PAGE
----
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Unitarian Universalists and Islam:

An Introduction to Interfaith Dialogue

Reading Group Guide


Washington Office for Advocacy
(202) 393-2255

Table of Contents:
1. What is Islam? _____________________________________________________3
2. Why Should (UUs) Engage in Interfaith Dialogue? _________________________3
3. Why Work with Muslims in Particular? ___________________________________3
4. Making Contact with Muslim Communities _______________________________4
5. What to Remember When Working with MuslimsEtiquette and Islam ________6
6. UUs Who Have Reached Out to Muslim Communities: Best Practices _________6
7. Conclusion _______________________________________________________7
8. Suggested Outline for Planning Group Session: Relationships Between Muslims and
Unitarian Universalists in the United States ____________________________8
9. No god but God: Reading Guide for an Introduction to Islam ________________10

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What is Islam?
Islam is an Abrahamic faith, related to Judaism and Christianity. Followers of Islam are
called Muslims and they believe there is one God (Allah) and Muhammad is his final
prophet. Muhammad recited the Word of God (Quran) on the Arabian Peninsula in the
seventh century CE. Islam has five pillars: profession of faith (there is one God and
Muhammad is his prophet), ritual prayer toward Mecca five times a day, paying of alms
and community service, fasting during the Holy Month of Ramadan, and a pilgrimage to
Mecca. Below are some helpful websites with more information on Islam. Additionally, in
this resource guide, you will find a book club curriculum for an extremely well written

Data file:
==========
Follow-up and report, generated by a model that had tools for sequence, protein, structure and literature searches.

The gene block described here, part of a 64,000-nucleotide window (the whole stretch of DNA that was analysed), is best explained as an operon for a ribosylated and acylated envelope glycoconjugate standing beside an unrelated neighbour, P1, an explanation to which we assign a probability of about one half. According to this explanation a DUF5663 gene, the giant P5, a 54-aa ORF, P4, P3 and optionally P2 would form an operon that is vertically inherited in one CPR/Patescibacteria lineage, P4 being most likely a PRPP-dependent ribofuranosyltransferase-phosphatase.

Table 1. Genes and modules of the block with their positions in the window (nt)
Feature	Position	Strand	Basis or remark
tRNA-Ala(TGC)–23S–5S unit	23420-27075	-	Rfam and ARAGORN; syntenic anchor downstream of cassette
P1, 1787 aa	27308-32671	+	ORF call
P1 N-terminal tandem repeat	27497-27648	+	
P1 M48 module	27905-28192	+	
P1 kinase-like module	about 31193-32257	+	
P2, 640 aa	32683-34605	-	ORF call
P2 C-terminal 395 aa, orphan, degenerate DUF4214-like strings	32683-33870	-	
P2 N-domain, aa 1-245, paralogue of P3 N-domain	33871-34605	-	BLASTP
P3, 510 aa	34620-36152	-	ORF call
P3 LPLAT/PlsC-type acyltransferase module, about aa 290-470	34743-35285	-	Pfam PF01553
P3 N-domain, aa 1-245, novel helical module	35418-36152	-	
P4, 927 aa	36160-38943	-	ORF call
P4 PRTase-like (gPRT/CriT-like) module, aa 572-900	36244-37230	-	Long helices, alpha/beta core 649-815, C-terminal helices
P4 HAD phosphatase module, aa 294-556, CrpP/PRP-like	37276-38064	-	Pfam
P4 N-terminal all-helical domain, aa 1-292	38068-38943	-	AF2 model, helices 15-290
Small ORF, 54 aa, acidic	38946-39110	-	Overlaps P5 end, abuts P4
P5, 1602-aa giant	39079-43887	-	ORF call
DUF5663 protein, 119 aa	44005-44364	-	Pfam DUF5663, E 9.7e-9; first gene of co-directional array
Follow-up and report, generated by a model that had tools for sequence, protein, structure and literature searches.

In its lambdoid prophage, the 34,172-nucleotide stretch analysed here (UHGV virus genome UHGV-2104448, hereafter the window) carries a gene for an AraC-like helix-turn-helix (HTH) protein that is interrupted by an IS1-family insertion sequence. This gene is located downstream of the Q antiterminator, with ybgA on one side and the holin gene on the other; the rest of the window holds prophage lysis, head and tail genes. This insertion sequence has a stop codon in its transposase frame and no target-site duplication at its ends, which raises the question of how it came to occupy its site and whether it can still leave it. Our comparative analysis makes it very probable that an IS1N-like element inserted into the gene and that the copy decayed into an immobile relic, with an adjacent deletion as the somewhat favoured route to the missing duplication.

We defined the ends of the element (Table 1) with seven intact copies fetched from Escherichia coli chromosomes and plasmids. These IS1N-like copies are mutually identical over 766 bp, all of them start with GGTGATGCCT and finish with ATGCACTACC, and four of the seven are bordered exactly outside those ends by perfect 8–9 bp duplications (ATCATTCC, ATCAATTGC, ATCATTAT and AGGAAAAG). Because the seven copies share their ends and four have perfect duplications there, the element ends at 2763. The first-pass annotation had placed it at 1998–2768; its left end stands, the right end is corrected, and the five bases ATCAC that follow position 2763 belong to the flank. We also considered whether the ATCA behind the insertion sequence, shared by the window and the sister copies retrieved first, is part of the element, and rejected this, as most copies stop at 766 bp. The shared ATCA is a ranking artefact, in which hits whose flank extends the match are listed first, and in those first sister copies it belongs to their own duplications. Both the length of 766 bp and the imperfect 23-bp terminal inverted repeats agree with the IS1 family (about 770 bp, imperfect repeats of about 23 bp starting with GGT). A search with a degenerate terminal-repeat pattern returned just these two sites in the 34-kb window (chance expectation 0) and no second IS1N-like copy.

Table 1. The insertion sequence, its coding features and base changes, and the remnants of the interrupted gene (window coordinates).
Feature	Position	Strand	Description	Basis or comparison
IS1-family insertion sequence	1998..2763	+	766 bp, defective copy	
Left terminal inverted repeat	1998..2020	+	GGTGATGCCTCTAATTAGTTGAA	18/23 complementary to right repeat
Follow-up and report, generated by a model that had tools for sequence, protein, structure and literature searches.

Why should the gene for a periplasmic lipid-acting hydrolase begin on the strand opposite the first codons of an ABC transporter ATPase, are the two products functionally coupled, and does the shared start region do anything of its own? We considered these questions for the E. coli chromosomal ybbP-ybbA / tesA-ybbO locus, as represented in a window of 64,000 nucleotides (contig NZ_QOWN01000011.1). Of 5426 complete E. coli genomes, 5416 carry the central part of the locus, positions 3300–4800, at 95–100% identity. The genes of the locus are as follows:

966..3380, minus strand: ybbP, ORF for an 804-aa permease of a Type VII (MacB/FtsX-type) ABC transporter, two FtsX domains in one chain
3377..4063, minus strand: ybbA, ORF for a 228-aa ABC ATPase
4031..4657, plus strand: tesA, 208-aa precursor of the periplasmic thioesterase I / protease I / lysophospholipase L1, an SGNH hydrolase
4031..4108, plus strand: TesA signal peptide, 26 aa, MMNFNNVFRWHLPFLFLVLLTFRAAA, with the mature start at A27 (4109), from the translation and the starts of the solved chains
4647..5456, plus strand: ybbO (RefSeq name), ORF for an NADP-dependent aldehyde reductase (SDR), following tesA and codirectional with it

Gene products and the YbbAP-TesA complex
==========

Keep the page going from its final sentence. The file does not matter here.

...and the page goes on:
book about Islam called No god but God by Reza Aslan (Random House Press, 2005).

Resources -A Muslim-American website that gives an excellent,

non-sectarian introduction to Islam. -A very comprehensive website explaining Islam. -Simple FAQ on Islam from a
converted Muslim-American woman. Simple FAQ from the antihate organization, the Southern Poverty Law Center. - Islam as a UU Source of
Inspiration. - A list of Islamic Holidays including
dates for the next three years

Why should Unitarian Universalists (UUs) Engage in

Interfaith Dialogue?
Our faith calls us to be in discussion with the people in our lives. As we promote the
inherent worth and dignity of every person, we uphold their spirituality as part of their
personhood. As we respect each individual's search for truth and meaning, we
encourage their faith journeys and what they hold to be sacred. As we work to build a
global community, we need all people to be wholly involved, spiritually as well as
politically. Our sources of inspiration call us to learn from the world's spiritual traditions.
All of these things that we covenant to affirm and promote encourage us to speak with
one another in a spirit of dialogue. Similarly, we believe that there are many valid paths
to the Divine. We strengthen our own relationships with the Divine by learning about the
experiences of others. And finally, interfaith dialogue gives us an opportunity to work for
justice in our lives, communities and the world. By learning from one another, we can
develop a way to build the Beloved Community.

Why Work with Muslims in Particular?

Muslims are a part of our local and global communities. Their struggles are our own.
Their experiences with the Transcendent Divine can teach us more about how we can
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commune with the universe. Also, Islam in general and Muslims specifically have been
demonized by our modern popular culture-centered society. Post 9/11 sentiment has
put much stress and pressure on the Muslim- American community and the war in Iraq
has put stress on the global Islamic world. By working with Muslims, we can learn more
about how to work with them in a committed, sustainable and accountable way in this
difficult time. Finally, just as Unitarian Universalism inspires its members to work for
social justice, Islam also calls for its tenets to participate in social justice and community
Islam in America has long been marginalized. Images found in books, news stories and
films often unfairly portray this faith as backwards and warrior-like. In recent years,
Islam has been given a one-sided description as a world full of radical and violent
rhetoric. Images of the Iranian Revolution in the 1970's, Saddam Hussein's despotic
regime in the 1980's and 1990's, and experiences of 9/11 and the War on Terror are
often the only modern views of Islam that Americans see. However, we know these